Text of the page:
Blog: It’s not a numbers game

I woke up this morning to the most overnight page views ever. I remember the same kind of thrill when I was at the Calgary Sun. Mega pressure before deadline, agonizing over what you printed, and then the next day, you grab a Herald and a Sun, walk into the newsroom, and see how you fared. I did the same when I ran Calgary 24Hours (grrr Metro Calgary), and as one of my oldest friends recalls when we worked at opposing papers in Cochrane Alberta, I can be pretty competitive. He knows I still feel bad about what I said in that scrum, but he remembers my feistiness fondly. It’s kind of a known thing in the Sun family.

I loved working at the View. Some days, I didn’t get any work done because people were walking into that little house off Beach Avenue, to talk about what was in the paper, tell me what was going on, or just to say hi. THAT is the value of community news. It’s connecting with people, and walking Beach Ave and approaching strangers and making phone calls and staying up late to write about council news. That’s what I did yesterday, my numbers went up, and you can say I got my Gold Star – but numbers aren’t everything.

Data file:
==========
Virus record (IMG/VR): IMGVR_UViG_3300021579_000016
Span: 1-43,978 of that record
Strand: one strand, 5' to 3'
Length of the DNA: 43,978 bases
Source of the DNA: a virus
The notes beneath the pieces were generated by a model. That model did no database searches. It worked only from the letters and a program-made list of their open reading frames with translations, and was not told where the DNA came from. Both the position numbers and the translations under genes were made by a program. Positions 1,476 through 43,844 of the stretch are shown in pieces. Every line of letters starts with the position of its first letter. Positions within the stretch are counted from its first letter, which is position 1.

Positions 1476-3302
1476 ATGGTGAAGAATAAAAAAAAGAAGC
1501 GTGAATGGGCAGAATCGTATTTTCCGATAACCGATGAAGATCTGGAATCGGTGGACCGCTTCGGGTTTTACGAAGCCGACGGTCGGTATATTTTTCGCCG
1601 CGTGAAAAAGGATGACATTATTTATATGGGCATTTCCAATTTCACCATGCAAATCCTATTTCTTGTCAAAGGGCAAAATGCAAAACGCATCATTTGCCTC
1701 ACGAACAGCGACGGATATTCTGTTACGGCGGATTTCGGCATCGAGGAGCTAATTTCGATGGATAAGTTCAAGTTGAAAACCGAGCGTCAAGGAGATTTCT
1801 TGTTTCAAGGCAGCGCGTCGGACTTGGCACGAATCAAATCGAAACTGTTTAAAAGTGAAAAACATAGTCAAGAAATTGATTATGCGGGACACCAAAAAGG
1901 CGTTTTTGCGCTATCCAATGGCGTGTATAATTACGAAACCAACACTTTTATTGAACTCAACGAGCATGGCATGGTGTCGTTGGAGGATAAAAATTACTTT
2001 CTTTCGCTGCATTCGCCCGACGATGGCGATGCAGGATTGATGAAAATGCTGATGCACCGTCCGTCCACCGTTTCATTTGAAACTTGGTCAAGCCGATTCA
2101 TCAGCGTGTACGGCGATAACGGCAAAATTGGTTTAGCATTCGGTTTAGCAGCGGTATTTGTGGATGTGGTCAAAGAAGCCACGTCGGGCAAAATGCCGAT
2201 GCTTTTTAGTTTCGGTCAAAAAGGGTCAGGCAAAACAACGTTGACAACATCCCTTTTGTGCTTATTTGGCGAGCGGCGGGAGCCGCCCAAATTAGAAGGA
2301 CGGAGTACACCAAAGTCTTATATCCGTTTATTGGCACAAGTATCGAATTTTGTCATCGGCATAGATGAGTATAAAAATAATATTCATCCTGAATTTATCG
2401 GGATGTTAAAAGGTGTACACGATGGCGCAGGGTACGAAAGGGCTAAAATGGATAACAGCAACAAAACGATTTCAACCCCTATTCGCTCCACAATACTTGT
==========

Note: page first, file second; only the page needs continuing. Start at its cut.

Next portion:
Mainstream news is a numbers game. Snappy headlines lead to page clicks which lead to you viewing an ad, which makes money for the outlet. They’re having a hard time right now. More and more, businesses are becoming more savvy, and they can handle their own marketing. As I’ve said before, I’d rather be accountable to my subscribers. And believe me, when my email pings and I get a new signup, it means a lot. So do your emails of encouragement. And your Facebook posts telling others that you like what you’re reading. You all know word of mouth is a thing in this town, so when you like what you see – and you tell others, it means my business may just be the beginning of something that’s going to contribute to this town.

I’m writing for the smallest audience I’ve ever had in my career. But you know what? It’s the most engaged, supportive audience I’ve ever written for. This is such a slow climb – I mean, I’m making $4 a month per person. I have to strike that balance between accessibility (because I feel I’m providing a service), and actually making a living I can help raise my kids with.

So, it’s not just numbers and page views and being at the top of local Facebook groups. It’s the people who decide to sign up, have constructive feedback, and offer story ideas and photos from their walks. It’s also the people who are happy to talk to a stranger in the middle of a pandemic, and they’re willing to be quoted by a media outlet they haven’t heard of. I’m here for the long haul. Seriously, thank you for reading!

Now off to organizing the kids, and watching my email – hope to have something for you later today….

Written by Kristen Friesen

May 13, 2020

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